Making change for a dollar is pretty easy, even if there are 293 ways to do it. Also, the dollar bill has not been changed since 1963 and the first face to appear on it in 1862 was Secretary of Treasury Salmon Chase (not George). Other changes, especially in digital banking, are not so easy.
It happens that just when you map your digital journey, another player shakes things up or technology zooms ahead in a big way. So, how can community financial institutions (CFIs) best prepare for the industry's next stage of digital evolution?
Leverage your compliance expertise & relationships. One of the most notable challenges will be competing with more fintechs launching traditional financial products without the help of financial institutions, including more types of loans and even checking accounts. But institutions will likely always have the upper hand when it comes to regulatory compliance expertise. So, be sure to remind banking customers of this fact.
Moreover, CFIs have what most customers still demand and what fintechs typically don't offer -- a physical presence, local knowledge, and high-touch personal service. Communicate all of this on a regular basis to show where you add value.
While most people responding to an MX survey say they use their financial institution's digital channels, 82% have visited a branch within the past six months. As for the future, more than 75% of respondents believe branches will always be needed.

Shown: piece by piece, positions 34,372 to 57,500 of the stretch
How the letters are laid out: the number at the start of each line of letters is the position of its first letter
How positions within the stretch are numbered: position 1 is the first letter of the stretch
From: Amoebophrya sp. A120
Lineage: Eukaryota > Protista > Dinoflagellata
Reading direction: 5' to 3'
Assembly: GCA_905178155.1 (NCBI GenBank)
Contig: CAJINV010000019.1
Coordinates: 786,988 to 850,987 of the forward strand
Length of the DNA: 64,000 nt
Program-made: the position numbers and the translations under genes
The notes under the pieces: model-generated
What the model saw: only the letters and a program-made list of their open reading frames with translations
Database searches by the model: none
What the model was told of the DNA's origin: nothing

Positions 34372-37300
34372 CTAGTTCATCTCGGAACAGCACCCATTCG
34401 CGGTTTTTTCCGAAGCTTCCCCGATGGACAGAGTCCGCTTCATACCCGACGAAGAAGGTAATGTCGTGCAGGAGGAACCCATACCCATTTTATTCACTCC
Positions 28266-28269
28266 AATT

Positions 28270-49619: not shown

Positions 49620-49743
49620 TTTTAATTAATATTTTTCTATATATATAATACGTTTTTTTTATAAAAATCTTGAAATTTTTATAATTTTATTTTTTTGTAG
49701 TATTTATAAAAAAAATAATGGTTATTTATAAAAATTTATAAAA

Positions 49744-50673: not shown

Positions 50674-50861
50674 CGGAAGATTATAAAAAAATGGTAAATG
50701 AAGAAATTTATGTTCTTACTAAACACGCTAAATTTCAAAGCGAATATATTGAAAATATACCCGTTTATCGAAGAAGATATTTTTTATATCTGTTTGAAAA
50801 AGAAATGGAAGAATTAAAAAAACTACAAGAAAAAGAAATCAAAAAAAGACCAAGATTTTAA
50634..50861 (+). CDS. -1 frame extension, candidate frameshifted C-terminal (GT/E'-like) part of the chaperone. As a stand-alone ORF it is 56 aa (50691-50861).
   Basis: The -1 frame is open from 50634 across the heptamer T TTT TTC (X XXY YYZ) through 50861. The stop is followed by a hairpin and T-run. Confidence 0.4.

Manage your resource allocation. In the next digital evolution, CFIs can choose to offer the latest features and functionalities themselves, often with the aid of a vendor or a core provider. If you choose to build new capabilities in-house, the next digital evolution might be too expensive. This is particularly true perhaps as more artificial intelligence is built into features (at least until the technology matures to provide cost-effective AI options).
CFIs will then need to make critical resource reallocation decisions based on customer demands, particularly if the demands become table stakes to compete. However, such investments could be offset, if institutions automate certain jobs or invest in technology to assist upskilled employees.
Assess your partnerships. Of course, CFIs can also choose to partner with fintechs that decide it's just too risky to go it alone and face possible fines for not complying with complex regulations. One way is to offer your products and services within a fintech's app via Banking-as-a-Service APIs. Indeed, experts say this is an economical way that smaller financial institutions can level the playing field with regionals and big banks that have much bigger IT budgets. Of course, this is just one way to partner with fintechs. To help you identify ways to work with fintechs, you may want to review our article, The Bank Customer Experience and Fintechs.
We hope we have helped you around your digital evolution, as you address ongoing challenges.